The Perfect Marriage

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Does happily ever after really exist or is that just some silly phrase out of a fairy tale?

The fact is at no point in life can you be perfect at anything, but you can prepare yourself for the adventures of life.

And one of life’s biggest challenges is marriage!

Marriage is considered to be one of the hardest aspects of life to control and requires preparation emotionally, mentally and spiritually.

The old notion of “soulmate” is just overrated; “True soulmates” are the one you are married to no matter how unreal you might find them in the moment of aggression.

This is especially true as it is said that “true soulmates are not born but made!” It isn’t something that will happen in the first month, or even in the first year. It will take time, and patience, and commitment. It is believed that with the right amount of love, happiness, and communication anything is possible and your dreams of being together forever may one day come true.

I was married on 25th December 2015 and I have learnt both the numerous ways to destroy and build a successful marriage through “live experiences”.

Few months into our marital bliss, we sobbed on our couch with our heads in our hands. We fought numerous times and we made up even more. Each fight taught something new about each other and led to the reality check of ‘being married’. We disagreed on finances, our ideas of running the household, family, friends, even sometimes on our views about current news! Sometimes our fight led to other person jumping to conclusion without other completing the sentences. I found some his views unreal as he was sometimes stubborn and annoying during such fights and he might have felt the same as we never knew these aspects while we were dating!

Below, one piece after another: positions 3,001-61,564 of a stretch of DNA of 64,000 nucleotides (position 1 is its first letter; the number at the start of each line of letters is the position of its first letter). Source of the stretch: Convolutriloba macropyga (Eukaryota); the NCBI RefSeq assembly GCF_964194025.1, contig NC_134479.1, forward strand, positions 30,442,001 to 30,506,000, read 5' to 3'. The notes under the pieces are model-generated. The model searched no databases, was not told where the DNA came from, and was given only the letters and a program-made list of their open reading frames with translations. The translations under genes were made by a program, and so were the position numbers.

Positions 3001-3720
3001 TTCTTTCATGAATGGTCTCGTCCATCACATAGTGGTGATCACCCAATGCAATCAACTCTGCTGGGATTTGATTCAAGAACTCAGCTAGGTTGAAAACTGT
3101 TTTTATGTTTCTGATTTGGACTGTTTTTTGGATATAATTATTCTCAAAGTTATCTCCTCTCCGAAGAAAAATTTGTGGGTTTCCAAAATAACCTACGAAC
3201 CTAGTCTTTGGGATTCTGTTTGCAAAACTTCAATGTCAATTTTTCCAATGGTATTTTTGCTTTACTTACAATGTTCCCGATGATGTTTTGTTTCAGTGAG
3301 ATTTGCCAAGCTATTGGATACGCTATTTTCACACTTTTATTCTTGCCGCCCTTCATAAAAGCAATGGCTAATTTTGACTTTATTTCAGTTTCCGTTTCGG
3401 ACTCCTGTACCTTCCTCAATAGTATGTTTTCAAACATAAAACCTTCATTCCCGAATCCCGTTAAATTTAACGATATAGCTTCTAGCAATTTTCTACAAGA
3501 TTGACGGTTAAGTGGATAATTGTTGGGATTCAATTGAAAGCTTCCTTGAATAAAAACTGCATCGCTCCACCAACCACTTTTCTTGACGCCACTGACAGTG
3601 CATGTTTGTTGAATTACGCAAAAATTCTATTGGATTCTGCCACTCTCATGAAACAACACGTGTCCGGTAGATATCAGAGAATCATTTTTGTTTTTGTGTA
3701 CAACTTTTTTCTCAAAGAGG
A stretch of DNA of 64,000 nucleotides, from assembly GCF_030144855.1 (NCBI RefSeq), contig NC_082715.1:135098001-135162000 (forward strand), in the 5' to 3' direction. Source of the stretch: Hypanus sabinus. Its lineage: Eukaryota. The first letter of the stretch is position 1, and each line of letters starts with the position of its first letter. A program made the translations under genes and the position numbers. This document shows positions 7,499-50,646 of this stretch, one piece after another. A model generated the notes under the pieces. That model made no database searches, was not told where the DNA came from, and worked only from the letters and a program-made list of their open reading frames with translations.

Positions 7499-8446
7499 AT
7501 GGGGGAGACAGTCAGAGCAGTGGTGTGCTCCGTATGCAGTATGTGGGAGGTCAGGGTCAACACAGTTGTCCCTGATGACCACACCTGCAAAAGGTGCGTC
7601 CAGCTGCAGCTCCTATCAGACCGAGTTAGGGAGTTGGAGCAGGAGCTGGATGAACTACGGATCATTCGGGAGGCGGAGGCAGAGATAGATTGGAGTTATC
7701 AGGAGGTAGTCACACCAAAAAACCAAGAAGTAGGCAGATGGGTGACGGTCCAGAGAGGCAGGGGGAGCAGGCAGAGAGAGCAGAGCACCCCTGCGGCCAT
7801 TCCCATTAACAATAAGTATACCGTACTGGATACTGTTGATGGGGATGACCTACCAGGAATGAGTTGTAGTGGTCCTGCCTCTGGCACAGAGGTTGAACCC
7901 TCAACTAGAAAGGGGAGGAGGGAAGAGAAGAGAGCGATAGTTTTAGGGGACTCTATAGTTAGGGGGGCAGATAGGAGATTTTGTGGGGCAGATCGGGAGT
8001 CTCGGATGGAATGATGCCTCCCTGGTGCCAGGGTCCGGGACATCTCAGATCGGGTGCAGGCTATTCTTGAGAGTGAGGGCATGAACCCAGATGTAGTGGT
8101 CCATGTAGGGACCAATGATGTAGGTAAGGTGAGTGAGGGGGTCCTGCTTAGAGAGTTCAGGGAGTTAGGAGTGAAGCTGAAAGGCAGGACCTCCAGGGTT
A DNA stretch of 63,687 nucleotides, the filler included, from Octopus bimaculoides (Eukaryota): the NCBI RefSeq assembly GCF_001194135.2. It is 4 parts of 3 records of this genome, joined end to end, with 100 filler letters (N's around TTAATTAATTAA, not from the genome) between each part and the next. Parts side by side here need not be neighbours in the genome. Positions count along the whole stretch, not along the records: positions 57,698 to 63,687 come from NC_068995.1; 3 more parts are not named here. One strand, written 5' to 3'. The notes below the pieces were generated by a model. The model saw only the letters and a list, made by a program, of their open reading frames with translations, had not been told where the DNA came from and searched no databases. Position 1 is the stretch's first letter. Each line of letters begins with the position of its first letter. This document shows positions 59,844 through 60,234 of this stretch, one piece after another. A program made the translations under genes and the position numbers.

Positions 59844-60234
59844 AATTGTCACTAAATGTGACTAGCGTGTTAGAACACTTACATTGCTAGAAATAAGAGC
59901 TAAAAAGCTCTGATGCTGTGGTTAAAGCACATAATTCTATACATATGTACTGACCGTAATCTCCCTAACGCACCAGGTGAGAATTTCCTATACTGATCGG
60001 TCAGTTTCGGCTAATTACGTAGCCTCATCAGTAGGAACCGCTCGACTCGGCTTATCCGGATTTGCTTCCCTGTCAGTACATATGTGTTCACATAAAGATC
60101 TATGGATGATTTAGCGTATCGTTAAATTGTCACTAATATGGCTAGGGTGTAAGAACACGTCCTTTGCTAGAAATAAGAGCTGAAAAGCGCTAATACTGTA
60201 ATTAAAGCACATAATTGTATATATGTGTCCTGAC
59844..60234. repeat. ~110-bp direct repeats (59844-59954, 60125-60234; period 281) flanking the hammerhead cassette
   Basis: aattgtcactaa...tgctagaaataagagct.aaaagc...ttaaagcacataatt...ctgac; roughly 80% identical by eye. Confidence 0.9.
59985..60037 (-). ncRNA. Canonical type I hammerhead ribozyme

Isn’t it during such fight we feel that this is not what I bargained my freedom for? Isn’t it during those hard times we do feel, marriages sucks and most often we assume the other person has changed or maybe we never really knew who they really were!

This happens because we often fold inside of ourselves these lengthy lists of qualifications, standards, and traits we expect the “right person” to meet. But the reality is there is no such thing as “right person” and this is because no one is perfect. There are in-built flaws in all of us and you just have to learn to live with it.

Do you really think there is any such thing as “the right person will come and wipe of your tears and your life will become magical”? Well NO! No one has that kind of power. How can one expect another person to encompass all of the ideals he or she is so grossly incapable of encompassing?

There are thousands of articles available that tell you ‘Dos and Don’ts of a successful marriage.  But the fact is every marriage is different and the rules cannot be same for all.

What I learned and still am is:

 “Believe in your partner and their intentions like we believe in ourselves!”

This does not mean turning a blind eye but it only implies considering them as part of you and trusting their actions even at a point when you know you are on the verge of breaking.

I strongly believe after being married to the person I love the most now is “No matter how wonderful he is, he isn’t a knight-in-shining anything because I am certainly no princess either!” And it would be unfair for me to expect him to be.

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Evidence, How does it matter?